False and Determined Ideas
Lead Goddleck Koozer to His Grave
About 1870, Goodleck Koozer, a quaker from Illinois, and
his family passed through Montague, on their way to establish a colony
in Clay County while the Indians were as hostile as they were. But Koozer
said that it was suicidal to move into Clay County while the Indians were
as hostile as they were. But Koozer said that he had never waged war against
the Indians, never carried arms, and that he was going to live on peaceful
terms with the savages, whom he felt sure would respond to kind treatment,
if they only had a chance. Unfortunately, Mr. Koozer was totally unaware
of the conditions as they existed on the frontier, for he, like many people
in the north and east, at that time, seemed to be of the opinion that
the people along the frontier were to blame for the prevailing difficulties;
and that the Indians would readily respond in a friendly way to kind treatment.
We can appreciate Mr. Koozer's efforts to introduce the
Word of God among the savages. But we cannot fully appreciate his mistaken
ideas that seemed to be in accord with certain citizens and historians
in remote sections of the United States, who seemed to attempt to saddle
the responsibility of the frontier affairs on the shoulders of the citizens,
and who entertained the idea that practically all the depredations were
being done by renegade ruffians of our own race. Such ideas were not supported
by the facts, and we sincerely feel that it is not only our liberty, but
duty as well, to make this brief explanation in behalf of those faithful
frontiersmen, and patriotic pioneers, who suffered inconceivable hardships
to blaze the pathway of our present civilization.
But regardless of the appeals of local citizens, Mr. Koozer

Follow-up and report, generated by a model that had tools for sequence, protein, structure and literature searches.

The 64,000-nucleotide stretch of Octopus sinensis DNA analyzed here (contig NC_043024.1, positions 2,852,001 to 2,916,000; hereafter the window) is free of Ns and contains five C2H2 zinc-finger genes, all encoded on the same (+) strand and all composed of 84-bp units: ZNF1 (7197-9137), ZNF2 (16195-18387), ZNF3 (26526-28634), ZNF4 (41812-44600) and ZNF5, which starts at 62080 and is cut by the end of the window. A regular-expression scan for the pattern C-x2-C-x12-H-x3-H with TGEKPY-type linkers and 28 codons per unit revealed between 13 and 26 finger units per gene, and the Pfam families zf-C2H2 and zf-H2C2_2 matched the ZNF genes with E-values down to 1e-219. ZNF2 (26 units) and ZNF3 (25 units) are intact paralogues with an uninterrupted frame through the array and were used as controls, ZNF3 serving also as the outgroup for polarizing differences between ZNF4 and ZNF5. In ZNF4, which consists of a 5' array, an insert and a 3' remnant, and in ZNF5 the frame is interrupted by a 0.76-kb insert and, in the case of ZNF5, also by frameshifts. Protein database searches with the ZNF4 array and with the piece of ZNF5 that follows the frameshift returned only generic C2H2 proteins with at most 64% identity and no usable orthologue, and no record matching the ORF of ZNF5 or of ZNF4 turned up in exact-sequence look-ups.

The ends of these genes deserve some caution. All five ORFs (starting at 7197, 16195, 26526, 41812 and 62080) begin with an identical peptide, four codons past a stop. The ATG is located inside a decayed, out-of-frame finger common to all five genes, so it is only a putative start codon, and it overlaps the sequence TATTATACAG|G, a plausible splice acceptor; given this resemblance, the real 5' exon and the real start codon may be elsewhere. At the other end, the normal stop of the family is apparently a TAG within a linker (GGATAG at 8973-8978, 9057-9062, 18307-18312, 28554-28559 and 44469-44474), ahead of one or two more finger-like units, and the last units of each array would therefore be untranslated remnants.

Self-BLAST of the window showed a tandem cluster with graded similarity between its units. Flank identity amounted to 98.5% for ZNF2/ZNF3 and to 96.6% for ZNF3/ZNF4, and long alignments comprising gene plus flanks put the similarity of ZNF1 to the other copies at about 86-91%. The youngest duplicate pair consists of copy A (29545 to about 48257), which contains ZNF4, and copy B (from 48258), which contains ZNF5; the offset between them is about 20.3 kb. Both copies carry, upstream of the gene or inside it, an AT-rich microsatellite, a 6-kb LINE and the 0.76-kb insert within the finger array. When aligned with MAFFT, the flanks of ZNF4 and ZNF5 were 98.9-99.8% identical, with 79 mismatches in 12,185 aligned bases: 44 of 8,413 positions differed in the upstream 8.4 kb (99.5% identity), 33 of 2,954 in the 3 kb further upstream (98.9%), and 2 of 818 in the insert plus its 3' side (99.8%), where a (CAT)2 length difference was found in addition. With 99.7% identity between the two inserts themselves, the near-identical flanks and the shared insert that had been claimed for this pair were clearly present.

moved out into Clay County, and occupied the deserted buildings of Henrietta.
These buildings were abandoned at the outbreak of the Civil War. Indians
and others, from time to time, had passed and entered the deserted village.
But Mr. Koozer and his family occupied this place as a home, and determined
to make friendship with the Indians.
What was the result? After they had been there a short time,
chief Whitehorse, who was wearing a large head-garb, similar to those
worn today by certain bandmasters, and his warriors, came by Henrietta.
When the Indians arrived, Mr.. Koozer came out to meet them, and extended
his hand in token of peace and friendship, but Whitehorse held Mr. Koozer's
hand with his left, pulled his six-shooter, and killed Mr. Koozer with
the gun in his right hand. Mrs. Koozer and her two grown daughters were
made captives and carried away. Ed Koozer, about eleven years old, was
out after the calves at that time, and hid when he saw the Indians. After
being in the hands of the Indians for several months, the soldiers and
citizens at Fort Sill, secured their release, and escorted Mrs. Koozer
and her daughters back to Montague. When she told her story, Chief Whitehorse
was indicted. W. A. (Bud) Morris and District Clerk of Montague County
at the time. He issued a warrant and sent it to the government authorities
in Oklahoma, but they refused to surrender Chief Whitehorse. Joe Bryant
and several other citizens went from Montague over to Henrietta to bury
the body of Mr. Koozer, who was killed while attempting to make peace
with the Indians.
Note: Author personally interviewed: Joe Bryant, and W.
A. (Bud) Morris, mentioned above.
The above story is from the book, The West Texas Frontier, by
Joseph Carroll McConnell.